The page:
Diana Prieto PhD

Diana Prieto PhD

Assistant Professor

Academic Discipline: Operations Management & Business Analytics

Areas of Interest:
Data Analytics,
Quality Control,
Disease Spread Modeling


Email: dprieto3@jhu.edu

Biography

Diana Prieto is an Assistant Professor of Practice at the Johns Hopkins Carey School Business. She holds an MA in Statistics and a PhD in Industrial Engineering from the University of South Florida. In her research, she analyzes complex systems in public health using data analytics, simulation, and statistical quality control. She has also served as a consultant in projects for education, transportation, and manufacturing.

Honors & Distinctions

  • National Science Foundation Award, 2015 (through 2018)

Selected Publications

  • M. Soto, D. Original research Prieto, and G. Munene. A Bayesian network and heuristic approach for systematic characterization of radiotherapy receipt after breast-conservation surgery. BMC Medical Informatics and Decision Making, Volume 17, Number 93, 2017.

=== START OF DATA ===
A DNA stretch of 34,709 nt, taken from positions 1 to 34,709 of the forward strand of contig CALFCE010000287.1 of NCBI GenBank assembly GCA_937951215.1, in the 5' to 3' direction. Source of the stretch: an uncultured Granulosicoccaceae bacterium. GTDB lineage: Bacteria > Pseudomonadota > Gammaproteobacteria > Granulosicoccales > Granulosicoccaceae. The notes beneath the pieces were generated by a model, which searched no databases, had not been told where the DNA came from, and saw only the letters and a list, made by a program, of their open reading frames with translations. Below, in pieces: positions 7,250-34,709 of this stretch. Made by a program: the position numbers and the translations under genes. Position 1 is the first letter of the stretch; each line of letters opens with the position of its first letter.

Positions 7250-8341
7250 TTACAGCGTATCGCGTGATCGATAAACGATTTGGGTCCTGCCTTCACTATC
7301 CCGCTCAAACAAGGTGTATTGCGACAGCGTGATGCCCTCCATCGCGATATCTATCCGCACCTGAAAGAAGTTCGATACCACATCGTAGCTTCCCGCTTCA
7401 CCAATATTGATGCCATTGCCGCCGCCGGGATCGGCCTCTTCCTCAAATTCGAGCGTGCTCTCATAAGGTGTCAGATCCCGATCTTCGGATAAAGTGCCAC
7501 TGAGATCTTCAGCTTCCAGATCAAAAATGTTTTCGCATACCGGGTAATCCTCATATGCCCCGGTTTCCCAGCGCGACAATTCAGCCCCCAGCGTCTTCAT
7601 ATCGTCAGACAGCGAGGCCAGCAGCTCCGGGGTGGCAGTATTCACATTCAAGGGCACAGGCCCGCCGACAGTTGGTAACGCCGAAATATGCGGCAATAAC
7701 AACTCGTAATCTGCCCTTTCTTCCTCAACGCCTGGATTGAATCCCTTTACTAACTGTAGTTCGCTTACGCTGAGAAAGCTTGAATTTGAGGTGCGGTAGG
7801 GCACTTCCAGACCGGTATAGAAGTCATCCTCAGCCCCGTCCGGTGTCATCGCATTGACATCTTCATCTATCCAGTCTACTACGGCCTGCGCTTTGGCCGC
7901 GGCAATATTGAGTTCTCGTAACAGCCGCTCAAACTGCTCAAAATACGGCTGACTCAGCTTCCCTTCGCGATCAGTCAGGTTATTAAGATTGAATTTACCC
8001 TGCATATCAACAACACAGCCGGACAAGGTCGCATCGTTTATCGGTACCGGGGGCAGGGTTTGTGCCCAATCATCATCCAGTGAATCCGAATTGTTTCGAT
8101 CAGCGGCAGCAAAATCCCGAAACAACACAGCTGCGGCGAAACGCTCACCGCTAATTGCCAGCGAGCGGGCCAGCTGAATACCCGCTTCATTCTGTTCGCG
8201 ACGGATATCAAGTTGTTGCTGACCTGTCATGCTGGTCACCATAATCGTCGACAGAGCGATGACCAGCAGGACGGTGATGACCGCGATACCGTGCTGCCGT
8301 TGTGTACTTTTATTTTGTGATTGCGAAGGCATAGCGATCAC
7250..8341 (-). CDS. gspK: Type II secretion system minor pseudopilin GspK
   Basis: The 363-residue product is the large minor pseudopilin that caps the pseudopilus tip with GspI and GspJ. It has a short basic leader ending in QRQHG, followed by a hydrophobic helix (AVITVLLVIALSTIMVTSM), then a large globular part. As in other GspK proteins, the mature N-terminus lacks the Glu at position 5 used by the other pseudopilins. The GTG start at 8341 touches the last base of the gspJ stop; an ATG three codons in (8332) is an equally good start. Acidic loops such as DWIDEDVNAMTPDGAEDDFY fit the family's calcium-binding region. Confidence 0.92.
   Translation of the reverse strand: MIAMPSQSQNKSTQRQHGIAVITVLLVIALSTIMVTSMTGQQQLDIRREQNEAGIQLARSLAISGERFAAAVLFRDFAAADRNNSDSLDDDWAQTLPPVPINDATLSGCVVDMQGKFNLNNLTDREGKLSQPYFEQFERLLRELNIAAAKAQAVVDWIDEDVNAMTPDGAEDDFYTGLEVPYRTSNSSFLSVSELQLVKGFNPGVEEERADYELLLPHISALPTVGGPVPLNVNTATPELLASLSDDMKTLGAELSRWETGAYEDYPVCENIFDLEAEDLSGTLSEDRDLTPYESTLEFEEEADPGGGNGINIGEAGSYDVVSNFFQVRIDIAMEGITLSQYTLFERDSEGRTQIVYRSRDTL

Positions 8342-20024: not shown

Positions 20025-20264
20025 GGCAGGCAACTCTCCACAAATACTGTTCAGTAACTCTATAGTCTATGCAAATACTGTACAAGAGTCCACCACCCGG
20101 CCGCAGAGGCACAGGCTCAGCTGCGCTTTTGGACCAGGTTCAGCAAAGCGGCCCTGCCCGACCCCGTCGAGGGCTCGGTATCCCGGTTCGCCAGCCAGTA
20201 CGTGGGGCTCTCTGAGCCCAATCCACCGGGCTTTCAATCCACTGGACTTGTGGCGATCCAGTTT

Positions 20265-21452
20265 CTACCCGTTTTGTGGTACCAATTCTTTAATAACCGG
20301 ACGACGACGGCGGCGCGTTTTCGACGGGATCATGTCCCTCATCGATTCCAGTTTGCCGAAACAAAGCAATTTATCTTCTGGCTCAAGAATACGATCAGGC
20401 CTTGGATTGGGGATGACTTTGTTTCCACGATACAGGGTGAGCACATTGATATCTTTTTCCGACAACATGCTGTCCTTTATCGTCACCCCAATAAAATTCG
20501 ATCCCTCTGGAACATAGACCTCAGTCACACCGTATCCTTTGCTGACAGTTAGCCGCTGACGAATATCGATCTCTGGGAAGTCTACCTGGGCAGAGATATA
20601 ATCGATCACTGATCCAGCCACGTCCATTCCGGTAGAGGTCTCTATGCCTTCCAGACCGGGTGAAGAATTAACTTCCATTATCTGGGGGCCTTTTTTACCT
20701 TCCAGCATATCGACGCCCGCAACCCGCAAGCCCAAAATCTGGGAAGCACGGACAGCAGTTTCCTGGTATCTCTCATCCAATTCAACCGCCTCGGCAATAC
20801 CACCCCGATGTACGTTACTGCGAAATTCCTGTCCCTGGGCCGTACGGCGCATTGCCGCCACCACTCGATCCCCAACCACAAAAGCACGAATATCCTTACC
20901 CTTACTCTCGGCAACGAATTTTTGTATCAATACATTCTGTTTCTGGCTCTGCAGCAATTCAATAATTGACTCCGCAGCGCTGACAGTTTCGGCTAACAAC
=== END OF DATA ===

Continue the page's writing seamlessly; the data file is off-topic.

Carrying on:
• D. Prieto and T. K. Das. An operational epidemiological model for calibrating agent-based simulations of pandemic influenza outbreaks. Health Care Management Science, Volume 19, Issue 1, 2016.
  • D. Prieto, A. Kumar, C. Kothari, and C Dickson. Systematic identification of coordination gaps in pediatric care. Frontiers in Public Health Services and Systems Research, 2016; 5(4):12-20.
  • E. Meisheri, D. Prieto, P. Holvenstot, and R. VanEnk. Preliminary evaluation of the disease surveillance system during influenza outbreaks of pandemic scale. Frontiers in Public Health Services and Systems Research, 2015; 4(3):3744. 
  • D. Prieto, T. K. Das, A. Savachkin, A. Uribe, R. Izurieta, and S. Malavade. A systematic review to identify areas of enhancements of pandemic simulation models for operational use at provincial and local levels. BMC Public Health, Volume 12, Number 251, 2012.
  • A. Uribe, A. Savachkin, T. K. Das, A. Santana, and D. Prieto. A predictive decision aid methodology for dynamic mitigation of influenza pandemics. Special issue on optimization in disaster relief, OR Spectrum (6 May 2011), pp. 1-36.